There was once a peasant who had driven his cow to the fair, and sold her for seven thalers. On the way home he had to pass a pond, and already from afar he heard the frogs crying, "Aik, aik, aik, aik." - "Well," said he to himself, "they are talking without rhyme or reason, it is seven that I have received, not eight." When he got to the water, he cried to them, "Stupid animals that you are! Don't you know better than that? It is seven thalers and not eight." The frogs, however, stood to their, "aik aik, aik, aik." - "Come, then, if you won't believe it, I can count it out to you." And he took his money out of his pocket and counted out the seven thalers, always reckoning four and twenty groschen to a thaler. The frogs, however, paid no attention to his reckoning, but still cried, "aik, aik, aik, aik." - "What," cried the peasant, quite angry, "since you are determined to know better than I, count it yourselves," and threw all the money into the water to them. He stood still and wanted to wait until they were done and had brought him his own again, but the frogs maintained their opinion and cried continually, "aik, aik, aik, aik," and besides that, did not throw the money out again. He still waited a long while until evening came on and he was forced to go home. Then he abused the frogs and cried, "You water-splashers, you thick-heads, you goggle-eyes, you have great mouths and can screech till you hurt one's ears, but you cannot count seven thalers! Do you think I'm going to stand here till you get done?" And with that he went away, but the frogs still cried, "aik, aik, aik, aik," after him till he went home quite angry.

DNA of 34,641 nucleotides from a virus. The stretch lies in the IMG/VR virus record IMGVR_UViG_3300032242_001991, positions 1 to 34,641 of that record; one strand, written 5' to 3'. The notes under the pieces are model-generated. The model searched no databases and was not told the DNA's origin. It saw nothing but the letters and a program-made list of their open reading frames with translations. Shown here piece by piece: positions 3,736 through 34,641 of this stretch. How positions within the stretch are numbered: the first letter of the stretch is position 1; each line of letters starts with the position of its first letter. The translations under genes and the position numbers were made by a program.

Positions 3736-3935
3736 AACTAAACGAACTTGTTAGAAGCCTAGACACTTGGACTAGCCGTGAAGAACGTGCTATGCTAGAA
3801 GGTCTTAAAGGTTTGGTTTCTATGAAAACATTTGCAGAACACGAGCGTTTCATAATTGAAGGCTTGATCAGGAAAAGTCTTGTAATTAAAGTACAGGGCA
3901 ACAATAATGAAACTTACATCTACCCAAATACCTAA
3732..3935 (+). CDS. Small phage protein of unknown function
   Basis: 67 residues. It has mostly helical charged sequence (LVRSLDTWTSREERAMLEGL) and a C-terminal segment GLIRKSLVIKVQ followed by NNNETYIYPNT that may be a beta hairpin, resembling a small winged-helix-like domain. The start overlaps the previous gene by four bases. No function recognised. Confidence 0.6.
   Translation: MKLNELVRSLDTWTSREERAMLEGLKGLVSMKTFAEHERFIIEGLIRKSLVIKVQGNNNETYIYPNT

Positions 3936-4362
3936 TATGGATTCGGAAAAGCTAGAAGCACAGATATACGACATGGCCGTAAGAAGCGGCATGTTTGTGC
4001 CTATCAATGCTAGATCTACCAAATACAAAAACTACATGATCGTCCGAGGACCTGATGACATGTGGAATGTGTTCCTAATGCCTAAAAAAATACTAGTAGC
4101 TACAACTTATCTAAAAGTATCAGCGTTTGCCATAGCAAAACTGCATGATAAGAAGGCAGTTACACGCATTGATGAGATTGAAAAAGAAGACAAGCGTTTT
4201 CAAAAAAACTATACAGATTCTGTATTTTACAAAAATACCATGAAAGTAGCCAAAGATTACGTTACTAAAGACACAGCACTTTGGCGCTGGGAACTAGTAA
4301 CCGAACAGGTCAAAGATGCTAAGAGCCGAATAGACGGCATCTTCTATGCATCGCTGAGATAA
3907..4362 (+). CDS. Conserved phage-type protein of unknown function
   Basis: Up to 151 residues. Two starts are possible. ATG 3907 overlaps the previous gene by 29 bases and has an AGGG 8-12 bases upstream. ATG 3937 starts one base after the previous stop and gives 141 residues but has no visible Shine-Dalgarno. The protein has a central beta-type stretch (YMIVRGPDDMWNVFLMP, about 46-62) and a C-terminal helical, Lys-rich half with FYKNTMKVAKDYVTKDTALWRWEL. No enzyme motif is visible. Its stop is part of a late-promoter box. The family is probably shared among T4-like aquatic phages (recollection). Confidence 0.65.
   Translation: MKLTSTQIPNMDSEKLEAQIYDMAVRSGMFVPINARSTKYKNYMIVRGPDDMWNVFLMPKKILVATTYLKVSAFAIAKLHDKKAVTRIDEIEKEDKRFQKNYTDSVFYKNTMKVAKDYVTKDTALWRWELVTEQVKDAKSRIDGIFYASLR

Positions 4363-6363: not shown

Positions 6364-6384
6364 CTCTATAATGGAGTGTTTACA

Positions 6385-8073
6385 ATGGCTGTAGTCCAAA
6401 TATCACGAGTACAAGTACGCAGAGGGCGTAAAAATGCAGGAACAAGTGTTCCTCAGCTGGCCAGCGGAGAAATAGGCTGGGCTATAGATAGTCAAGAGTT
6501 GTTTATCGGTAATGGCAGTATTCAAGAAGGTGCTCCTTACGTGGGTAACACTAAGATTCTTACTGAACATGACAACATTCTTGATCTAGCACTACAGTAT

After a while he bought another cow, which he killed, and he made the calculation that if he sold the meat well he might gain as much as the two cows were worth, and have the skin into the bargain. When therefore he got to the town with the meat, a great troop of dogs were gathered together in front of the gate, with a large greyhound at the head of them, which jumped at the meat, snuffed at it, and barked, "Wow, wow, wow." As there was no stopping him, the peasant said to him, "Yes, yes, I know quite well that thou art saying, 'wow, wow, wow,' because thou wantest some of the meat; but I should fare badly if I were to give it to thee." The dog, however, answered nothing but "wow, wow." - "Wilt thou promise not to devour it all then, and wilt thou go bail for thy companions?" - "Wow, wow, wow," said the dog. "Well, if thou insistest on it, I will leave it for thee; I know thee well, and know who is thy master; but this I tell thee, I must have my money in three days or else it will go ill with thee; thou must just bring it out to me." Thereupon he unloaded the meat and turned back again, the dogs fell upon it and loudly barked, "wow, wow."